(CNN) -- Legislators in Hawaii have passed a civil unions bill that would give same-sex couples the same rights as heterosexual couples.
The state House of Representatives passed the bill by a 31-20 vote late Thursday. Gov. Linda Lingle has until early July to decide whether to sign the bill into law, CNN's Hawaii affiliates reported.
Civil union supporters cheered in the Capitol rotunda when the bill passed, CNN affiliate KGMB-TV in Honolulu said.
"I was always positive even when people were saying it was dead. I stayed positive and worked with a lot of different people that made this happen today," Tambry Young of Equality Hawaii told the TV station.
Lt. Gov. Duke Aiona said lawmakers shouldn't have approved the measure.
"The state House's last-minute political maneuvering is unfortunate for the people of Hawaii who have voiced their support for traditional marriage," he said in a statement. "If the Legislature wanted to establish the equivalent of same-sex marriage, they should have put it on the ballot for the people to decide."
House Bill 444 provides state-level spousal rights to same-sex couples. Voting came as a surprise on the last day of the legislative session, affiliates reported.
In January, House members voted to shelve the bill after Speaker Calvin Say said lawmakers didn't have a veto-proof majority of votes, affiliate KITV-TV in Honolulu reported. House Majority Leader Blake Oshiro, however, called for the measure to be discussed Thursday afternoon, KITV said.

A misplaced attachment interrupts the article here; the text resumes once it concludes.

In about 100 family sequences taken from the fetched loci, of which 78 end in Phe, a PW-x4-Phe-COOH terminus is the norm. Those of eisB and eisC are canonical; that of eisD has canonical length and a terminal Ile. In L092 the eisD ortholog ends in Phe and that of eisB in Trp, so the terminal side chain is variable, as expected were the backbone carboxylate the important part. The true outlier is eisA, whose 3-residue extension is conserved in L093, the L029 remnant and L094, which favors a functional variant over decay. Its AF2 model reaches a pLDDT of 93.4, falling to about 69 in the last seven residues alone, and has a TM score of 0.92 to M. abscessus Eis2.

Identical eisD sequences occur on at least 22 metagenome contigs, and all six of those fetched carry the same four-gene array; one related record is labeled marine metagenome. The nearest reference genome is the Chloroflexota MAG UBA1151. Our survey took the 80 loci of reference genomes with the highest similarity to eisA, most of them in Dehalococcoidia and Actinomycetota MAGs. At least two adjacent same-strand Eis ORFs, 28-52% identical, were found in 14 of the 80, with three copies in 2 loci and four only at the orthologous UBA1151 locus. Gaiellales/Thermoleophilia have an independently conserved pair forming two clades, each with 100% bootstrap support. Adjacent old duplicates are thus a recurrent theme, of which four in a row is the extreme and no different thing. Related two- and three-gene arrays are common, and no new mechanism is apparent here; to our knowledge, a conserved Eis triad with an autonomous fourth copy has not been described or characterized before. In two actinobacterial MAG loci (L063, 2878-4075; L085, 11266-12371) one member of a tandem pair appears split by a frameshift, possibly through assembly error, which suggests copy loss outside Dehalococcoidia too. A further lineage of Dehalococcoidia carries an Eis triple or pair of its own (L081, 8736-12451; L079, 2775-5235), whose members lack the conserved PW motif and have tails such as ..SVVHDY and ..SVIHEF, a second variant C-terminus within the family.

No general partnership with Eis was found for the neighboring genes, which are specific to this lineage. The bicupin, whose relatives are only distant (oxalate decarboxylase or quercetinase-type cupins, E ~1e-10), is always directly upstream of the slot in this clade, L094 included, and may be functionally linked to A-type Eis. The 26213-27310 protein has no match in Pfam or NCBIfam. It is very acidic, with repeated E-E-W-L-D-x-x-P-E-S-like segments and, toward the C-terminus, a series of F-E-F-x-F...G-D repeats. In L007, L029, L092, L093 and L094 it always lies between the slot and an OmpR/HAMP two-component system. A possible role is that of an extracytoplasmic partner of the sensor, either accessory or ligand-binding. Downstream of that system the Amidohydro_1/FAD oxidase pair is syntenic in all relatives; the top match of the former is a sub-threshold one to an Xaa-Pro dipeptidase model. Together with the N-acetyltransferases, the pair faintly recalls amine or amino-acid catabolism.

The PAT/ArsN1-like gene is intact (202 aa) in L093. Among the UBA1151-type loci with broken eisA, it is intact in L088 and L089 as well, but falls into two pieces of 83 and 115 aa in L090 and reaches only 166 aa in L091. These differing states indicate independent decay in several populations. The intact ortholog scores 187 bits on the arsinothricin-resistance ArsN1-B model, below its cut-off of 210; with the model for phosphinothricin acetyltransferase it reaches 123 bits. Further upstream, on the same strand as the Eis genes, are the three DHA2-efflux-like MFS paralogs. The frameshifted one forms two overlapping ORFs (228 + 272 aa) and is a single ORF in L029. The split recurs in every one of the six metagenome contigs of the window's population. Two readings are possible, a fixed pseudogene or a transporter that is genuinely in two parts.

Larry Silva, Catholic bishop of Honolulu, urged people Friday to ask the governor to veto the legislation.
"We need you to mount a campaign to flood the governor's office with requests to veto the bill," Silva wrote on the Diocese of Honolulu's website. "Should the governor veto the bill, they will need 34 votes to override. This is where you come in!"
Supporters such as Equality Hawaii said they hadn't expected a vote Thursday but were pleased with the outcome. Say, the House speaker, said he was proud of having passed the bill.
"I'm happy that it's finally done," supporter Vincent Rosa told KGMB. "The vote was taken and democracy was at work at this capital."
Civil unions advocate Alan Spector told KHON-TV, "I did not know all day this was going to happen. This was a surprise. I'm very happy."
Five U.S. states and the District of Columbia issue marriage licenses to same-sex couples, according to the National Conference of State Legislatures. Hawaii would join New Jersey in allowing civil unions.
Three states -- Rhode Island, New York, and Maryland -- recognize same-sex marriages from other states, according to the conference.
California recognizes same-sex marriages performed during six months in 2008 after its Supreme Court granted same-sex couples the right to marry and before the passage of Proposition 8, which overturned the court's decision.